Turkmenistan: Vote early, vote often
International sanctions against Russia will provide some unanticipated upside developments for Turkmenistan. This and more in our weekly briefing.
Early voting has already got underway for the snap March 12 presidential election in Turkmenistan.
That is just a distracting sideshow, however. The president’s son, Serdar Berdymukhamedov, will easily sweep aside his eight seat-warming rivals.
The real business of the moment is working out the legal mechanics under which the new dispensation will operate.
Speaking at a joint session of the houses of parliament on March 1, outgoing President Gurbanguly Berdymukhamedov talked about the need to once more overhaul the constitution. There was already a major bit of tinkering done in 2020, when the nation’s basic law was amended to allow for the formation of an upper chamber of parliament, of which Berdymukhamedov senior is now the speaker.
No details have been provided about what the next round of changes to the constitution might entail, but the safest bet is that the regime is devising the formalities for a Berdymukhamedov son-father tandem rule.
As it is, Berdymukhamedov senior retains considerable formal influence by virtue of his Senate position. The responsibilities of that body, known in Turkmen as the Khalk Maslahaty, extend to invoking national referendums and considering candidates to head the Supreme Court, the office of the Prosecutor General, the Interior Ministry, and the Justice Ministry.
The matter of Berdymukhamedov’s future status as an ex-president came up during a security council meeting on March 2. The head of the presidential security service detail, Dovletgeldi Meredov, noted perfunctorily that the constitution envisioned “special legal norms” for this role, but he avoided entering into specifics.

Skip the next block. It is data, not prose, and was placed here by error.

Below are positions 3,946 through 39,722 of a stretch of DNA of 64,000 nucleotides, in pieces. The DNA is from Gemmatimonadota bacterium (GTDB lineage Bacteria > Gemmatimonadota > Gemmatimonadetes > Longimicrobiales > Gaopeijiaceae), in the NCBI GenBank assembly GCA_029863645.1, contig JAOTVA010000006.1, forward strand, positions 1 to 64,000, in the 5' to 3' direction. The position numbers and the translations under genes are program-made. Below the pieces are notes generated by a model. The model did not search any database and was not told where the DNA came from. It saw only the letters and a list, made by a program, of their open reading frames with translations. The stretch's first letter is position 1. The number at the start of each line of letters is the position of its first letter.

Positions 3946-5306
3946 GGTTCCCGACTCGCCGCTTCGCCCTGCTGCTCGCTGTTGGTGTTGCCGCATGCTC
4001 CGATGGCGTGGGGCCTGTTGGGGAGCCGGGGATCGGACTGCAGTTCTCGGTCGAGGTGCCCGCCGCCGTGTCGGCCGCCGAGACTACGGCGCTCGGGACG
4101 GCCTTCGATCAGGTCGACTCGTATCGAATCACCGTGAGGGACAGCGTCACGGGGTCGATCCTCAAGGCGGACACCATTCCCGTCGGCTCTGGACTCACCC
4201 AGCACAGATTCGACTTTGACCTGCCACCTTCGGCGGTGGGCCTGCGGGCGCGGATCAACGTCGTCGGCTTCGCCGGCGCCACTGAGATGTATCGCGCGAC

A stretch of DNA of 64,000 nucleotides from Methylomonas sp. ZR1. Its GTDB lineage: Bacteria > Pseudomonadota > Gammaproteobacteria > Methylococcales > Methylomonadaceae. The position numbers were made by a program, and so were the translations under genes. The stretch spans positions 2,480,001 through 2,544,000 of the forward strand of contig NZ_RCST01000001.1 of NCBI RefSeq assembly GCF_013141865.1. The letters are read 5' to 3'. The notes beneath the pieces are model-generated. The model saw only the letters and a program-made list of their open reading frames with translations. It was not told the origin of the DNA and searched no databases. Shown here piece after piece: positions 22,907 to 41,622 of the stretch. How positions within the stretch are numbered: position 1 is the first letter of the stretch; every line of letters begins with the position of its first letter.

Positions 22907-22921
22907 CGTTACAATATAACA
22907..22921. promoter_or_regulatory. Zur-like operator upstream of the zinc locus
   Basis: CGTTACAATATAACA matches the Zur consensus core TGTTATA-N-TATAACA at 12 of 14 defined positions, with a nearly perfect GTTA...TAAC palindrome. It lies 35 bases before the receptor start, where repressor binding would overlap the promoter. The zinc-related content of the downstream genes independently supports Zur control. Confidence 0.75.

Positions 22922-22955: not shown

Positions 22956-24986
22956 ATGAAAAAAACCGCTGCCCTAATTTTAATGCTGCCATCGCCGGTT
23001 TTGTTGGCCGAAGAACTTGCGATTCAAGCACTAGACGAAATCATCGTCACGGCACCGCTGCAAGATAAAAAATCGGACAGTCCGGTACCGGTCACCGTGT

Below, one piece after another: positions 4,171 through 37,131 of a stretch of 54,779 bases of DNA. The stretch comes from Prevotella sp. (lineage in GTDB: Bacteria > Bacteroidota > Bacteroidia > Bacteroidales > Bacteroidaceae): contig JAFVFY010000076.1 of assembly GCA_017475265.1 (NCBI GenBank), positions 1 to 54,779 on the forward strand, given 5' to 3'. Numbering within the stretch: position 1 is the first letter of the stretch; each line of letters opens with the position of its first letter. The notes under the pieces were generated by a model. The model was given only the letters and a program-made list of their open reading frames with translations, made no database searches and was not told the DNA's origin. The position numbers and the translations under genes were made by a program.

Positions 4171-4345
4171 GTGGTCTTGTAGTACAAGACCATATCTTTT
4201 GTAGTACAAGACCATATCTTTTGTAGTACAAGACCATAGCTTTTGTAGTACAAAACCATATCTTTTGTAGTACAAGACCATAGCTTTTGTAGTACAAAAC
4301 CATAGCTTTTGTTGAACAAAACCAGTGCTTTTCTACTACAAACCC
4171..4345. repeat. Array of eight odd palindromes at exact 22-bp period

Irritatingly, the boring business of going through the motions of a sham election to secure Serdar Berdymukhamedov’s position at the top of the perch does have to be performed. In his election program, which was published in the Neutral Turkmenistan newspaper on March 7, Berdymukhamedov the younger issued mechanical pledges about wishing to develop democracy and civil society.
“We will develop measures to improve the political and legal foundations of the Turkmen state and society, deepen national democracy, develop civil society, enhance the political engagement of our population, promote the development of the electoral system, and undertake more efforts to draw on global experience in this respect,” the election program reads.